Toyota Camry review


A big Toyota car at last! With the death of the Avensis, the Corolla and Camry saloons step in to offer the conservative Irish buyer a smart looking three box Toyota. The Corolla is spacious but a little tight on rear shoulder room for adult passengers but hit the enlarger by +10% and the imposing Camry fits the bill.

Before the creation of Lexus the Japanese giant Toyota had a proud history of large saloon cars. A glass ceiling was the issue in the States in particular. Buyers would not spend big on a budget brand so all plans for big Toyotas morphed in to Lexus models with the LS400 and later GS/ES – with great success.

Growing up in Ireland the 70s/80s the classic big Toyotas like the Cressida and the Crown looked vast and majestic. The big barges by today’s standards had less interior space than a corolla but they certainly made a statement. The Camry, last on sale in Ireland in 2004, has made a welcome return to the Irish market after a very long sabatical. Often while driving in the States in the interim years I’d spot countless Camrys and admire their evolving style. My late father had a Camry but I must park nostalgia as I cast a critical eye on my latest test car the all new Camry hybrid.

The exterior is smart, substantial and quite handsome. There are plenty of subtle bulges and creases to help imply stature and strength. The boot holds 524 litres but it is the cabin space that impresses most.

Up front the dash is aimed unashamedly at the more mature driver. The build and materials used are impressive for the price point and while there is little in the way of the C-HR’s dash layout wow factor (our test car had good old wood and leather) the cabin proved very spacious and a calming place to be. Camry’s seats are comfy although the front seats could have a longer base. Another niggle was the cheap almost light weight sound the driver’s window made when lowering and raising it.

The front wheel drive Camry sits on the same TNGA platform as the new RAV4 and uses the 2.5 litre petrol engine and electric motor combination to make it a hybrid. The last Camry was a petrol only 2.4 that suffered from very high taxation in an Ireland prior to CO2 taxation. Back then engine size was the sole basis for motor tax and while the new Camry has a larger 2.5 litre the four cylinder unit is ultra efficient in comparison. CO2 emissions are impressively low at 120g (WLTP) and just 98g using the current NEDC2 measurement. A claimed fuel consumption figure of 5.3l/100km (53mpg) is something I managed with little effort.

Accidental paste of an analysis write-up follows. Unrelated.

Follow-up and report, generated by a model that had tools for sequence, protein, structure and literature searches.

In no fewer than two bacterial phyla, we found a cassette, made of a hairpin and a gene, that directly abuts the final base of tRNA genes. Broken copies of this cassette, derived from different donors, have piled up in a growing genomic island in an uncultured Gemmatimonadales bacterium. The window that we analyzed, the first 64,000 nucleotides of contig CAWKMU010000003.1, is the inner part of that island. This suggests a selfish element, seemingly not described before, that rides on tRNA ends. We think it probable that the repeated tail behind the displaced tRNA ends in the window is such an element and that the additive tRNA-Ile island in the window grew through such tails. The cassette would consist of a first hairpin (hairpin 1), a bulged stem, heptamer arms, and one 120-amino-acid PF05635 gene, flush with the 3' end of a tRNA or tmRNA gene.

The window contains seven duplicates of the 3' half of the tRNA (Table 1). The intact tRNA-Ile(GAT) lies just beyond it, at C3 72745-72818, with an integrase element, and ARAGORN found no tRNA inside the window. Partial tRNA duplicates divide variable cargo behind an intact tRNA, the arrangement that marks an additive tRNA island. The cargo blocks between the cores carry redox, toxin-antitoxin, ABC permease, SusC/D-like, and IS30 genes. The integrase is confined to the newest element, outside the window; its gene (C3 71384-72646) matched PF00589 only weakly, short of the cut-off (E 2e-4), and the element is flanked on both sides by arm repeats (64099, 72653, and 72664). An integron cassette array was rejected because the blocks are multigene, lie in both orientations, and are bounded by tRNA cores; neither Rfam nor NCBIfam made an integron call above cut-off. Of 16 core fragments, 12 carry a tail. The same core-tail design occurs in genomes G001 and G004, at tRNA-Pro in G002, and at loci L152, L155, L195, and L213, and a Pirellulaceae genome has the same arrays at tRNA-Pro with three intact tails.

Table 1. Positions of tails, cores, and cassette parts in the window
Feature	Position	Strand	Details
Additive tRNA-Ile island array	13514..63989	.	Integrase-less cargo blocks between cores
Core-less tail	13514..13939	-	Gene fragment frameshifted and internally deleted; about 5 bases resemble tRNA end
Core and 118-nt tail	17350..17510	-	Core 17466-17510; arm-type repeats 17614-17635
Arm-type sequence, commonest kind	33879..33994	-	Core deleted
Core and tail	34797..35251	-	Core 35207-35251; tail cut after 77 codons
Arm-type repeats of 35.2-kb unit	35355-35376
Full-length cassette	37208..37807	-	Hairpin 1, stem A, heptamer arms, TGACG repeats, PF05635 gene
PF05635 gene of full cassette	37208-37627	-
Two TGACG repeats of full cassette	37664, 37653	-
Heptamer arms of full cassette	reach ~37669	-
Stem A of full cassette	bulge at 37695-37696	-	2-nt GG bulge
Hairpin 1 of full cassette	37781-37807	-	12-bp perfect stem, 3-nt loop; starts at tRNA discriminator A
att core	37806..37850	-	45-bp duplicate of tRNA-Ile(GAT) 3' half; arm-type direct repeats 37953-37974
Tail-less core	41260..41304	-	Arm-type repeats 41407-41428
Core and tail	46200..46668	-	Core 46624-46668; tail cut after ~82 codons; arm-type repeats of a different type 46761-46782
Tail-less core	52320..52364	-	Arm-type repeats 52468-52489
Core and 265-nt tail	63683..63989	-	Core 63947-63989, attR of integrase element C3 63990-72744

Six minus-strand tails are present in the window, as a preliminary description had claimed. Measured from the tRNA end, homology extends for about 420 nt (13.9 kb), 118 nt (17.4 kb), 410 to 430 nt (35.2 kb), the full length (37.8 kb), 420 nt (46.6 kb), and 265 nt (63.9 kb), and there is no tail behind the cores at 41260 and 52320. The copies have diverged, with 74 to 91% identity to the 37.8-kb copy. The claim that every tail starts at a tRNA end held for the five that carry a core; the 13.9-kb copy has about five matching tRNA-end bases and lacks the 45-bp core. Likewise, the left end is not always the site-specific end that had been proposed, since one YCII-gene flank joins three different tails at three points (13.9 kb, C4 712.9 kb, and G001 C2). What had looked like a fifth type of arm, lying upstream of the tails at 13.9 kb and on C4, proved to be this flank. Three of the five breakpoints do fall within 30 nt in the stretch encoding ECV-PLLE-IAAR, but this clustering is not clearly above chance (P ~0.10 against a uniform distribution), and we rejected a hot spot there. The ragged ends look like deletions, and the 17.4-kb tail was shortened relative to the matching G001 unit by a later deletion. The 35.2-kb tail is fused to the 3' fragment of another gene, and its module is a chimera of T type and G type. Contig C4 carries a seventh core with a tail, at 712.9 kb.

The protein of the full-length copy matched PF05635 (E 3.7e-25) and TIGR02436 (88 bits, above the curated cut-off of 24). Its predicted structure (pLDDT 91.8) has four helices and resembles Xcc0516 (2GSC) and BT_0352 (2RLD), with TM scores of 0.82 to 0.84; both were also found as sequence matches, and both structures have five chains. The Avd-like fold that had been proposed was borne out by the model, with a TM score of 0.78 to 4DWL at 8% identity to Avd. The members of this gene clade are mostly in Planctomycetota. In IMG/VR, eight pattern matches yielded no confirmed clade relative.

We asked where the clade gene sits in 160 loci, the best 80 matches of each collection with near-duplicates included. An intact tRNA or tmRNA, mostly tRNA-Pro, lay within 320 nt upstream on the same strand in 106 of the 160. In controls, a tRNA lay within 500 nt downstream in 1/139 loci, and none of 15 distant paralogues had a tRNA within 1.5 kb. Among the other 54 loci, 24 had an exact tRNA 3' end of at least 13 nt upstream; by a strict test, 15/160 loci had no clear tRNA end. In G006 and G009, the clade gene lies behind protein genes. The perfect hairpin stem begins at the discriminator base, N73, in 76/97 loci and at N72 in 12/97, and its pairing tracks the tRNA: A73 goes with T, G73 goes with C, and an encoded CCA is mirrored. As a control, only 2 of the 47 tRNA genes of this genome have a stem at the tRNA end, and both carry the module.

The combined power output is a healthy 218hp. When provoked the Camry can shift at an impressive rate with 0-100km/h taking 8.3 seconds. Being a hybrid the car uses a CVT automatic transmission. When accelerating hard it is a noisy box but in day to day use the disagreeable sound is reasonably suppressed. There are three select-able driving modes, eco, normal and sport – that do as you’d expect. Eco in particular makes the accelerator very heavy to use at higher speed.

Three grades are available: Camry Hybrid, Sol and Platinum. My top spec €42,950 test car had adaptive cruise control and was a very relaxed cruiser thanks to a combination of soft suspension and its relatively long 2.8 metre wheelbase. I was impressed by the Camry’s near instant pick up from a standing start compared to a diesel car’s. The hybrid system fills in the power gap as it delivers a less stressful drive to a diesel only machine.

Look on the Camry as a cut price Lexus and you’re on the right track. Ireland Camry pricing starts from €39,750.


About Author

Michael Sheridan

Michael Sheridan is a senior and highly respected motoring journalist based in Ireland. He is a frequently heard voice on motoring, transport and mobility matters and has multiple credits on national television, national print media, national and local radio and other outlets. Michael Sheridan has been a Car of the Year Judge for more 20 years (& more recently a Van of the Year judge). Michael has produced and directed many international and national motoring TV programmes and documentaries both on cars and motorcycles - including four films on the iconic Route 66. Michael Sheridan is a former Chairperson of the Association of Professional Motoring Press (APMP).

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